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November 28, 2007

Huckabee: An Evangelical Perspective

According to the story posted at Hot Air, and linked earlier by Ace, Mike Huckabee is getting 48% of the evangelical vote in Iowa. As an evangelical, I find that somewhat disheartening, given Huckabee's dismal record on fiscal issues.

Now, I know Huckabee has dismissed The Club for Growth's analysis, calling them "The club for greed." And his supporters will defend him by pointing to his conservative views on abortion and gay rights, which have seemingly become the predominant issues by which evangelical voters choose their candidates. I wouldn't normally do this, but I know I'm going to get accused of elitism against evangelical voters, so here are my evangelical bona fides:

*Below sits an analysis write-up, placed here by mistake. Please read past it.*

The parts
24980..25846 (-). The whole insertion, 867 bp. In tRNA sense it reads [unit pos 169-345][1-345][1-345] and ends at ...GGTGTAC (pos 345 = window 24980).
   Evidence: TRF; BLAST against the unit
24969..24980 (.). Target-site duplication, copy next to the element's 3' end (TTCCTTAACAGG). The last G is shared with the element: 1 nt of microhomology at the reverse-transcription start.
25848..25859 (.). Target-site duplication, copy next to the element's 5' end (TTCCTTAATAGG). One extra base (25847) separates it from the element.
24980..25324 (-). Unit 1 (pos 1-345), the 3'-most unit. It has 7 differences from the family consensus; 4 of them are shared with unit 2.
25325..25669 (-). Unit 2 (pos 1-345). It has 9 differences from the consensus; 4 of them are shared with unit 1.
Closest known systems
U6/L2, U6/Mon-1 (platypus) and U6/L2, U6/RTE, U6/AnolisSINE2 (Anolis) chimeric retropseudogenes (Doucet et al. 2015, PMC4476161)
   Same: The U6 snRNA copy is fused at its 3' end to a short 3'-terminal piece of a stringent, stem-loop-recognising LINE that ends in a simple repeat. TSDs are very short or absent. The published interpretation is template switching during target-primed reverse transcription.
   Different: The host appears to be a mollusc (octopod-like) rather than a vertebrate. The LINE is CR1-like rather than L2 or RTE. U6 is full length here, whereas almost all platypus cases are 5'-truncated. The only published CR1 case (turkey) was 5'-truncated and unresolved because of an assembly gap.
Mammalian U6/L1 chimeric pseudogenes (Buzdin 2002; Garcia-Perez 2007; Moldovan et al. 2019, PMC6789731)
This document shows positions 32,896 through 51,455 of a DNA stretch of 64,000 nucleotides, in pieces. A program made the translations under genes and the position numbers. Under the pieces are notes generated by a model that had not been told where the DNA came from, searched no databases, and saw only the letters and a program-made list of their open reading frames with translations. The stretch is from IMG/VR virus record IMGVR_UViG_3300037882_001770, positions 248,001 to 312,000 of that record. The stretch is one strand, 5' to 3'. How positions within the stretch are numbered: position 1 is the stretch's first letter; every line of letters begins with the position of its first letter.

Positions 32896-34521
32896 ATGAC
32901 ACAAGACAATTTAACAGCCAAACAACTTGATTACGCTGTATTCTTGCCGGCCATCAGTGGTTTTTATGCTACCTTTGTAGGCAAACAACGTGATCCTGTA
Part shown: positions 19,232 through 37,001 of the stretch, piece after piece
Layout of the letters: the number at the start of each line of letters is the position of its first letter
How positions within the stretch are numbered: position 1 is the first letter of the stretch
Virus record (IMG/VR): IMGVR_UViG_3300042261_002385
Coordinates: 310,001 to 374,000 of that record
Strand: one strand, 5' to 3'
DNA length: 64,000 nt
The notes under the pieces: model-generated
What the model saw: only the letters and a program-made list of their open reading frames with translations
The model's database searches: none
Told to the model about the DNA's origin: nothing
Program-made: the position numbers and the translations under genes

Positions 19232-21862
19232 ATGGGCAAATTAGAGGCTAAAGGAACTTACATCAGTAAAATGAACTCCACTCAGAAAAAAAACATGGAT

I've been a Christian since I was 15 years old. That's 20 years. I attend a church that is fundamental in doctrine, but not in culture. I've been on two missions trips - one stateside and one in Russia, and I tithe. I don't say any of this to brag or puff myself up, but when I've blogged on this or commented on Huckabee in other venues, I have been accused of being somehow biased against evangelicals or of not understanding evangelical beliefs. Trust me, I do. I'm not a perfect person, but I am committed to my faith.

I do not believe Mike Huckabee is a good candidate for president. This is not a statement against his faith - on theological matters, I'm sure we'd agree on quite a bit. However, I would have a very hard time voting for him in the general election.

There are three major areas in which I disagree with Huckabee. I do not like his fiscal record, do not agree with his view of government power and disagree with his political temperament. This could be long, so more below:


Fiscal Record